The deal strengthens Paion\'s hand if it were to try to make a market debut but also opens up other funding and partnership options.
Paion and New York-based Forest said in a statement that Forest would get the U.S. and Canadian rights for the drug for unspecified upfront and milestone payments - paid at various stages of a drug\'s development - plus royalties if the drug came to market.
Paion keeps rights in the rest of the world to the drug, desmoteplase, which is in mid-stage trials. Paion said that Forest could file for U.S. approvals as early as 2007.
Paion and Forest said the drug had been given fast-track status by the U.S. Food and Drug Administration, which would allow the submission of trial data when it became available.
Paion had said last year that it could need 40 million euros ($49.17 million) to take desmoteplase to the filing stage if it did not find a partner.
Paion Chief Executive Wolfgang Soehngen told Reuters in a telephone interview that the Forest deal would make it easier to take Paion public as well as open other options for funding.
\"This would help us in an IPO situation, but it also gives us more flexibility,\" he said.
\"If we fully develop our pipeline, we would need extra money in the next 12-16 months from now and that is the timeframe in which we will decide on an IPO or other modes of financing.\"
Paion licensed desmoteplase from German drugmaker Schering in 2000, and Soehngen said it was in talks to buy licenses for more stroke products and would like to have another product before raising funds again.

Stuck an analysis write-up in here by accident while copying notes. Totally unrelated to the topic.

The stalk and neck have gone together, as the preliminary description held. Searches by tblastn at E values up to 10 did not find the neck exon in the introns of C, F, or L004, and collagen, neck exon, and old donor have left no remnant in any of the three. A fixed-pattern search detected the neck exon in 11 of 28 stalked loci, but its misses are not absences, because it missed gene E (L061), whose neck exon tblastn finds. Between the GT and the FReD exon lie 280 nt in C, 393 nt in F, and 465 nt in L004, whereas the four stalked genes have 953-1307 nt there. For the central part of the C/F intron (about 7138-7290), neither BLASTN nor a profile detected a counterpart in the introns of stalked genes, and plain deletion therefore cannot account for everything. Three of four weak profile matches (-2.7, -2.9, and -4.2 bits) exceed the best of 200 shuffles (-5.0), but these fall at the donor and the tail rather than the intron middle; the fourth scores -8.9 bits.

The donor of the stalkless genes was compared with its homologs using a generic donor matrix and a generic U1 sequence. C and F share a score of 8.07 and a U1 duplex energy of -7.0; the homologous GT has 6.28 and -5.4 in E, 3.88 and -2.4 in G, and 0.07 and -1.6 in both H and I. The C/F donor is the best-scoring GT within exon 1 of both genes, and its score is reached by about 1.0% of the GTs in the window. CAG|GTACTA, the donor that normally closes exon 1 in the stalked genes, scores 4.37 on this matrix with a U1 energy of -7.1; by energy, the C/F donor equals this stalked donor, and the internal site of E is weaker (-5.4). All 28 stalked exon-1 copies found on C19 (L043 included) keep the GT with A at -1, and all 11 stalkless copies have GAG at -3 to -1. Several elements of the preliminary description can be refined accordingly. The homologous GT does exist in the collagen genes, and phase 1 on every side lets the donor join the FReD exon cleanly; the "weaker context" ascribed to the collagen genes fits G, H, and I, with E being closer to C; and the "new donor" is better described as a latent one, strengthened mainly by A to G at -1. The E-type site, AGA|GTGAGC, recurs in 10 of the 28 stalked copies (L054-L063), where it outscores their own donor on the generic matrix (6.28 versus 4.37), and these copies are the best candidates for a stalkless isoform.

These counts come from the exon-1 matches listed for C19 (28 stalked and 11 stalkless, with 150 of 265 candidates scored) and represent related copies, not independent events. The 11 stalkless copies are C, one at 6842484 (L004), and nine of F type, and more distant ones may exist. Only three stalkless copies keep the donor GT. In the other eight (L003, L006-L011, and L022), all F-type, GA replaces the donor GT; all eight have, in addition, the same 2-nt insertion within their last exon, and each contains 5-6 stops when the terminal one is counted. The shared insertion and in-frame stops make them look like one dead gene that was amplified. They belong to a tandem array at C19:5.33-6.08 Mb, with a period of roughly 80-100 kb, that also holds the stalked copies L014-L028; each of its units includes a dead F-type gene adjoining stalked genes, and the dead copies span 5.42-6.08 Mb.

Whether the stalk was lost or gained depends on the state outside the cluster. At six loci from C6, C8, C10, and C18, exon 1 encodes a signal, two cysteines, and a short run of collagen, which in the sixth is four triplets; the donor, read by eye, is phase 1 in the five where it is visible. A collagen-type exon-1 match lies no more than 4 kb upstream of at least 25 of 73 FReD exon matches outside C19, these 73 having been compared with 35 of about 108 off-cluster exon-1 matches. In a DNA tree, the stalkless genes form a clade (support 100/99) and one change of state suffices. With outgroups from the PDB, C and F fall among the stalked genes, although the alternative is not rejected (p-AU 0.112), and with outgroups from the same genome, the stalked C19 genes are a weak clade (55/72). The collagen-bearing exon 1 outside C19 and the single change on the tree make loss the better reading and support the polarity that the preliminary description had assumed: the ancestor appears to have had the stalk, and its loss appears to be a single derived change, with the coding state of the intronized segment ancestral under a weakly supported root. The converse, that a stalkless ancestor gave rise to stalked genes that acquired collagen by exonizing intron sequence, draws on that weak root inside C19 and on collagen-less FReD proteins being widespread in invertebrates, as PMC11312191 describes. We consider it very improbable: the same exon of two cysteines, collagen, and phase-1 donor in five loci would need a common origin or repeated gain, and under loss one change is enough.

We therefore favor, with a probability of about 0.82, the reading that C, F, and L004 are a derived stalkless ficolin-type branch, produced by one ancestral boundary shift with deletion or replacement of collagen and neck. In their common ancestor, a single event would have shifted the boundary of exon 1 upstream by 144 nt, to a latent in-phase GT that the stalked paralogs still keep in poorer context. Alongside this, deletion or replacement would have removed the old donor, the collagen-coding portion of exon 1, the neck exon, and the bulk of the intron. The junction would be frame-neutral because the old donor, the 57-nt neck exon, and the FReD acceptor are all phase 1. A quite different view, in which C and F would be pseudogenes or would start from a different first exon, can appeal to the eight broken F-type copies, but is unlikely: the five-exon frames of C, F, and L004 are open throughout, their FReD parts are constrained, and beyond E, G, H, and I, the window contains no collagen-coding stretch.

Forest Laboratories CEO Howard Solomon said in a statement that the deal gave Forest its first biotech product.
Forest\'s top-selling drugs are anti-depressants Celexa and Lexapro. It recently launched Namenda to treat Alzheimer\'s Disease and offset declining Celexa sales.
Desmoteplase is a genetically-engineered version of a protein in the saliva of vampire bat Desmodus rotundus that enables it to suck blood from its prey by preventing clotting.
The bat is just eight centimeters long and lives solely on blood. It needs about 50 grams of the fluid daily, sucking it in after puncturing the skin of cattle and horses with its sharp teeth. Clotting during the meal - it can take half an hour\'s feeding to satiate a bat - can stop it feeding.
Paion has said desmoteplase is effective even if given up to nine hours after a stroke.
If desmoteplase comes to market, it will compete against the current leading treatment, t-PA, made by Genentech, which needs to be administered within three hours of a stroke.
Paion raised 9.8 million euros in a fourth round of funding in May. Private equity firm 3i group is the largest investor in Paion, which has raised 51.2 million euros. (Additional reporting by Toni Clarke in New York)